So, you already know that pool covers are something that swimming pool experts call a “good idea.” You grasp that they prevent leaves, dirt and debris from entering the pool. You’re aware that they extend your swimming season. And you’re fully seized of the fact that, because they prevent evaporation, they can reduce you’re pool’s running costs by at least 50% a year.
And you’ve done your homework. You know that evaporation accounts for 70% of the heat loss from a swimming pool. And, because your homework this week included maths, you’ve worked out that for every 1 liter of water that evaporates from a standard 32 m2 pool, the pool temperature is lowered by approximately 0.0045ᵒ C.
That might not sound like much except that, at a water and air temperature of 25ᵒ C, water evaporates from a 32 m2 pool at a rate of 11 liters per hour! So, without a blanket, your pool looses 0.05ᵒ C of heat an hour, or 1.2ᵒ C a day – more if it’s windy or hotter. What’s more, evaporation doesn’t just reduce pool water and heat; it reduces the pool chemicals.
Solar Pool Covers or Thermal Pool Blankets?
Which of the two most popular types of pool cover should you choose? The answer is it depends on what you want to achieve. Each offer different benefits. And, to be fair, each has different limitations.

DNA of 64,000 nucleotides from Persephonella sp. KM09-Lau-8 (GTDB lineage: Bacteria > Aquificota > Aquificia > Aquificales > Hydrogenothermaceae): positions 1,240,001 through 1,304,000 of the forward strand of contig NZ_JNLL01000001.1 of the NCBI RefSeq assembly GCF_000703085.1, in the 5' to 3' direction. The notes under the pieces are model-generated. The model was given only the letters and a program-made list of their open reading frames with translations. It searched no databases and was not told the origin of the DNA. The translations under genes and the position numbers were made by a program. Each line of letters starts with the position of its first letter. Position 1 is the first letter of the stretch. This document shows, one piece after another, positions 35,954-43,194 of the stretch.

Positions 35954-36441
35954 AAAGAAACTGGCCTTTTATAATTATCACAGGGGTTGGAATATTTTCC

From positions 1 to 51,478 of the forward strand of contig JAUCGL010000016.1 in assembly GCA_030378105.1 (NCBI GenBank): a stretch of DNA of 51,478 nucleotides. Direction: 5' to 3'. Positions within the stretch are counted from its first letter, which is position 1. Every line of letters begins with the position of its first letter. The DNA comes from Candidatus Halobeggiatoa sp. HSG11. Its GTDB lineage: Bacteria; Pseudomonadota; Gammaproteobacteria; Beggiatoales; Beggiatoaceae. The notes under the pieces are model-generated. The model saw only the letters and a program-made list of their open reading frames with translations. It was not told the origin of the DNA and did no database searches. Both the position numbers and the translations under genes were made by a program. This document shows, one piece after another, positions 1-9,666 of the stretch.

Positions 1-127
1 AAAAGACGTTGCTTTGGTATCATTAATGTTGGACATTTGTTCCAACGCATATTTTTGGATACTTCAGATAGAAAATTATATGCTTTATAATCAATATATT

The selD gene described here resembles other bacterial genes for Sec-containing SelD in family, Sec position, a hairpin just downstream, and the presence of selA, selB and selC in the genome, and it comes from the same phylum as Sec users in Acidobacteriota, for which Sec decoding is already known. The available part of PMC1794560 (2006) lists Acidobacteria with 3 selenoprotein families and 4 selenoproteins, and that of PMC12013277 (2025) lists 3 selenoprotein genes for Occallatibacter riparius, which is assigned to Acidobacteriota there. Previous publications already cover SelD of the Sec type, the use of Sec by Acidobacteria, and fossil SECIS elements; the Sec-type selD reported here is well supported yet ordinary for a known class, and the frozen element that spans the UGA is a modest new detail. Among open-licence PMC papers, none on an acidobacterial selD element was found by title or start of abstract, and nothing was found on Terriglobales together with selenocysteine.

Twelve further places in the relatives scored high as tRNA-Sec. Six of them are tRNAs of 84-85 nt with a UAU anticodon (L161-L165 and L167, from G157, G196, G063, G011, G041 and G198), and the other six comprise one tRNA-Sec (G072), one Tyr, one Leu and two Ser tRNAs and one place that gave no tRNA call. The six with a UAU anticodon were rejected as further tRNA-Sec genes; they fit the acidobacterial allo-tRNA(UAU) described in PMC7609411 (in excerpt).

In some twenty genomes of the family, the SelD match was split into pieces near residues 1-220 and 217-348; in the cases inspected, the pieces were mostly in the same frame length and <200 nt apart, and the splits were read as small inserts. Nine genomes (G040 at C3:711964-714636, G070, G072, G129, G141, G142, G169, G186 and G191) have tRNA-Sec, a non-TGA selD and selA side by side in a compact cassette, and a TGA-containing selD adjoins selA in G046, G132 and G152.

Solar Pool Covers
Solar pool covers are less expensive than thermal pool blankets, costing in the range of $150 to a little over $1,000 depending on the size of your pool and the thickness of the cover.
Sometimes referred to as bubble covers since they resemble bubble wrap packaging, they are made from lightweight, translucent polythene or polypropylene. The air bubbles absorb warmth from the sun and transfer the solar energy to the pool water, thereby heating the water.
Solar pool covers are the only type of cover that actually heat your pool; and a good quality, well-fitted one will heat the water by up to 8ᵒ C.
The downside, however, is that they only heat the pool during the day, and their ability to retain the heat at night is not as good as a thermal pool cover. Having any pool blanket on at night though will prevent a lot of evaporation (which is the main cause of heat loss).
Solar pool covers come in different grades of thickness (from 250 micron to 600 micron – the best is 400 & 500 microns). Thicker covers are more expensive, but they are slightly more efficient at retaining heat and they last longer.
They also come in different colours: the most common being clear, blue, and blue and silver. In terms of their heating and heat retention qualities, there’s a lot of debate about which colour is best. Some argue that darker colours absorb more heat while others say that a clear colour will allow more heat through.
Because solar pool covers are lightweight, they are very easy to install. Basically, in order to fit them to the shape and size of your pool, all you need is a pair of scissors. You can read more on how to measure and intall your own pool cover in our article.